Co-author Keith Cengel, MD, PhD, assistant professor of Radiation Oncology at Penn, explains that in such cases, "a big issue is the 'worried well' -- all the folks who probably weren't exposed but are concerned and want to do something." Many potential radioprotectors, however, could have risky side effects. Dr. Christofidou-Solomidou adds, "When you give something to 4 or 5 million 'worried well,' you have people with preexisting medical conditions. You can't give just anything to people with heart disease, for example. But this is absolutely safe. In fact, it is known to increase cardiovascular health, a finding shown by another group of Penn investigators a few years ago. It's loaded with omega-3 fatty acids."
Along with other researchers at the Perelman School of Medicine, the authors are conducting further pilot studies on the potential of flaxseed for mitigation of lung damage in patients awaiting lung transplants and those undergoing radiation therapy for the treatment of intra-thoracic malignancies. Dr. Christofidou-Solomidou is even conducting a pilot study for NASA on the benefits of flaxseed for astronauts on extended deep space missions. Lengthy space exploration missions require that the astronauts perform extravehicular activities (EVAs) for repairs, during which they can face exposure to high levels of solar and galactic radiation with the added risk factor of breathing 100 percent oxygen. "Hyperoxia superimposed with radiation could potentially cause some lung damage and some reason to worry for the astronauts," she says. "We are one of a handful of teams in the US that can study radiation in addition to hyperoxia. So now we're adding another level of complexity to the one-hit, radiation damage studies; the double-hit model is something novel, nobody has done it before."
The researchers are already convinced enough to incorporate flaxseed into their own routine. "I actually eat it every morning," says Dr. Cengel, noting, "The potential health benefits are significant and there is no known toxicity—it just makes good sense to me."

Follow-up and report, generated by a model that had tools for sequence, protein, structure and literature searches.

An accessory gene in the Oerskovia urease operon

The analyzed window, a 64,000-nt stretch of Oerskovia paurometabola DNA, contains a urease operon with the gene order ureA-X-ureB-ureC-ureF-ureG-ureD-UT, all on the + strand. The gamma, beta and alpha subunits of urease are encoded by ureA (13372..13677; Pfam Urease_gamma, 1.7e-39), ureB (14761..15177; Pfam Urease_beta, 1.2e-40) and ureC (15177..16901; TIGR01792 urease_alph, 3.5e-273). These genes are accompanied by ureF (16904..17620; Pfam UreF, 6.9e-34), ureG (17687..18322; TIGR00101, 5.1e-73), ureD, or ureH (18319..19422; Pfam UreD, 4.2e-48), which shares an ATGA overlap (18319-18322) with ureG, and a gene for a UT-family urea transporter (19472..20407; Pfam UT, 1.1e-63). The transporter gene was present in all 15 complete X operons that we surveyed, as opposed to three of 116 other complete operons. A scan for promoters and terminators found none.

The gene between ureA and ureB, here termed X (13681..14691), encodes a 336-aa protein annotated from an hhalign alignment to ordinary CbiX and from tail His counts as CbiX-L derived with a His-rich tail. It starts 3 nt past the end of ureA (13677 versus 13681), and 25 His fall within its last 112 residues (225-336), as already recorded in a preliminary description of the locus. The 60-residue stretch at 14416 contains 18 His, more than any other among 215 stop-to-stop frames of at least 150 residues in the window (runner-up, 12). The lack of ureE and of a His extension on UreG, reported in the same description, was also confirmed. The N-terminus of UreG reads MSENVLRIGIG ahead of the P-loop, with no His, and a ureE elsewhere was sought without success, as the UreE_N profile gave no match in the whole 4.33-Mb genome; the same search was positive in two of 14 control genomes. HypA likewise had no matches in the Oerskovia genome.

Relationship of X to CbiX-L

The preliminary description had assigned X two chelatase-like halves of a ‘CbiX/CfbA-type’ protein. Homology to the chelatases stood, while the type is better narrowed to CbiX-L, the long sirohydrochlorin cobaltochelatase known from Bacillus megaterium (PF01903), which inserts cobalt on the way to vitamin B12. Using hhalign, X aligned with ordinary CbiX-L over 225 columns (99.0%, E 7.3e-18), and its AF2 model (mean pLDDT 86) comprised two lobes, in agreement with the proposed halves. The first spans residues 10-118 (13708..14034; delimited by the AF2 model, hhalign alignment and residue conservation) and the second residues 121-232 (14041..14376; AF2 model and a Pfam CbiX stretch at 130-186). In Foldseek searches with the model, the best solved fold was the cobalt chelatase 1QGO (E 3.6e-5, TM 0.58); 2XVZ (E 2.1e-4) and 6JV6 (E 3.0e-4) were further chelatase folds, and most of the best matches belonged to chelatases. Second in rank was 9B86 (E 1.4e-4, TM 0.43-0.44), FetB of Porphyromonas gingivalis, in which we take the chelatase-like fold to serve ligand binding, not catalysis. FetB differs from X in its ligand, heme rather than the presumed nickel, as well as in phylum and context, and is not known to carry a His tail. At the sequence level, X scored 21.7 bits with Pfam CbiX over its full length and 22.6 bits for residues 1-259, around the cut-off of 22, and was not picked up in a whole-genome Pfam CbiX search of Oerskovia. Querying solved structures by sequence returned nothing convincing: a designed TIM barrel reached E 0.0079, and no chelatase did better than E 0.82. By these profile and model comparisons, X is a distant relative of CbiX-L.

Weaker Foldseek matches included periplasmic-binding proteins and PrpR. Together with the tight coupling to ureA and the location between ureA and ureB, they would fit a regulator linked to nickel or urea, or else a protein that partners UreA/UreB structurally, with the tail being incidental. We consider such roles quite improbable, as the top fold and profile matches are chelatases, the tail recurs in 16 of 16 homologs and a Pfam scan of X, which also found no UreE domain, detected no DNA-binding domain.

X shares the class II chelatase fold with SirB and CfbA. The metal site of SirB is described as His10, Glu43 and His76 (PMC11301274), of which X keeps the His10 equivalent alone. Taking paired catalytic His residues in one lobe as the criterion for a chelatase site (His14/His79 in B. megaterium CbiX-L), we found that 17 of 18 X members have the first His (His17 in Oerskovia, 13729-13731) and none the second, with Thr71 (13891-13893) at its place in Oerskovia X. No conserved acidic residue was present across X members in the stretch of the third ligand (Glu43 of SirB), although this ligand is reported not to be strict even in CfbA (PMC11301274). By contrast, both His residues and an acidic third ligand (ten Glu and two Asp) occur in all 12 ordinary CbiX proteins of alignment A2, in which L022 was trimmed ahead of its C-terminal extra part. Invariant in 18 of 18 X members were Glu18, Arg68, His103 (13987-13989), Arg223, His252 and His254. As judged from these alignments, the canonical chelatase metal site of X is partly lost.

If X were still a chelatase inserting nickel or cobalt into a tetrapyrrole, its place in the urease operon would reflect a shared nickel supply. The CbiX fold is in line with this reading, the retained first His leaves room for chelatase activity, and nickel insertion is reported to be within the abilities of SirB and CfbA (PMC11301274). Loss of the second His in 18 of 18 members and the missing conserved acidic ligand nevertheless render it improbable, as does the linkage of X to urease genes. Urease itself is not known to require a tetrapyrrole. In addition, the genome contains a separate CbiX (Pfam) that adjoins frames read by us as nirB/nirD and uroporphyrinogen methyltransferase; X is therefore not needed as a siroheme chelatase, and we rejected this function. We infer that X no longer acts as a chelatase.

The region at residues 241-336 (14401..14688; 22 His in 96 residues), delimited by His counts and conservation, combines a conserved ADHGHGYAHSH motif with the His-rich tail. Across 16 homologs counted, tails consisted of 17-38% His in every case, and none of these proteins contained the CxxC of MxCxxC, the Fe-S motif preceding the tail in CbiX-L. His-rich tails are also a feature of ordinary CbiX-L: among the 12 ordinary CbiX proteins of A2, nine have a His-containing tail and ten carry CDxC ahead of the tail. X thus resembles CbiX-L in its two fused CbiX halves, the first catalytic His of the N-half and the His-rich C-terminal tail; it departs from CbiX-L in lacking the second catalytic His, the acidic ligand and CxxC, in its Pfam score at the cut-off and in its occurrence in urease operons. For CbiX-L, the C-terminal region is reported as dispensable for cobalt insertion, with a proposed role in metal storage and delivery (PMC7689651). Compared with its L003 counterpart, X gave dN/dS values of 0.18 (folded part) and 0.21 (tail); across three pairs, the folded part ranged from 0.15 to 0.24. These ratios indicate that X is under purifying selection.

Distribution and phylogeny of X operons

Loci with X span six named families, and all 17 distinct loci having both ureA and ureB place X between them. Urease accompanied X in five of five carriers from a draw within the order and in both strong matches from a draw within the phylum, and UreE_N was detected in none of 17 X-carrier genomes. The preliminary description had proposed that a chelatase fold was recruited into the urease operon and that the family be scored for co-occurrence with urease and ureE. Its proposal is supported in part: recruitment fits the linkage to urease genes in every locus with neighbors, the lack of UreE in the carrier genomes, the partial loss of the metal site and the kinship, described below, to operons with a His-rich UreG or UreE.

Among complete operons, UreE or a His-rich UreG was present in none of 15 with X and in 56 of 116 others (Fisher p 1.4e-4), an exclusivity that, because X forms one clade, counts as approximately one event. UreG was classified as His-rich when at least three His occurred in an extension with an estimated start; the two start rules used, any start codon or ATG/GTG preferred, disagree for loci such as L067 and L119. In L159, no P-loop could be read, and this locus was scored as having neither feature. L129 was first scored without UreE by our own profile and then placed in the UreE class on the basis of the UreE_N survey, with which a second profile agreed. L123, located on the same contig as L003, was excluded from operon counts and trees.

The study is funded by the National Institute of Allergy and Infectious Diseases (NIAID) and the Biomedical Advanced Research and Development Authority (BARDA) under a grant initiative focused on the development of novel medical countermeasures to prevent or mitigate pulmonary injury or restore function after exposure to ionizing radiation.
Penn Medicine is one of the world's leading academic medical centers, dedicated to the related missions of medical education, biomedical research, and excellence in patient care. Penn Medicine consists of the Raymond and Ruth Perelman School of Medicine at the University of Pennsylvania (founded in 1765 as the nation's first medical school) and the University of Pennsylvania Health System, which together form a $4 billion enterprise.
Penn's Perelman School of Medicine is currently ranked #2 in U.S. News & World Report's survey of research-oriented medical schools and among the top 10 schools for primary care. The School is consistently among the nation's top recipients of funding from the National Institutes of Health, with $507.6 million awarded in the 2010 fiscal year.
The University of Pennsylvania Health System's patient care facilities include: The Hospital of the University of Pennsylvania -- recognized as one of the nation's top 10 hospitals by U.S. News & World Report; Penn Presbyterian Medical Center; and Pennsylvania Hospital – the nation's first hospital, founded in 1751. Penn Medicine also includes additional patient care facilities and services throughout the Philadelphia region.
Penn Medicine is committed to improving lives and health through a variety of community-based programs and activities. In fiscal year 2010, Penn Medicine provided $788 million to benefit our community.
Jessica Mikulski | EurekAlert!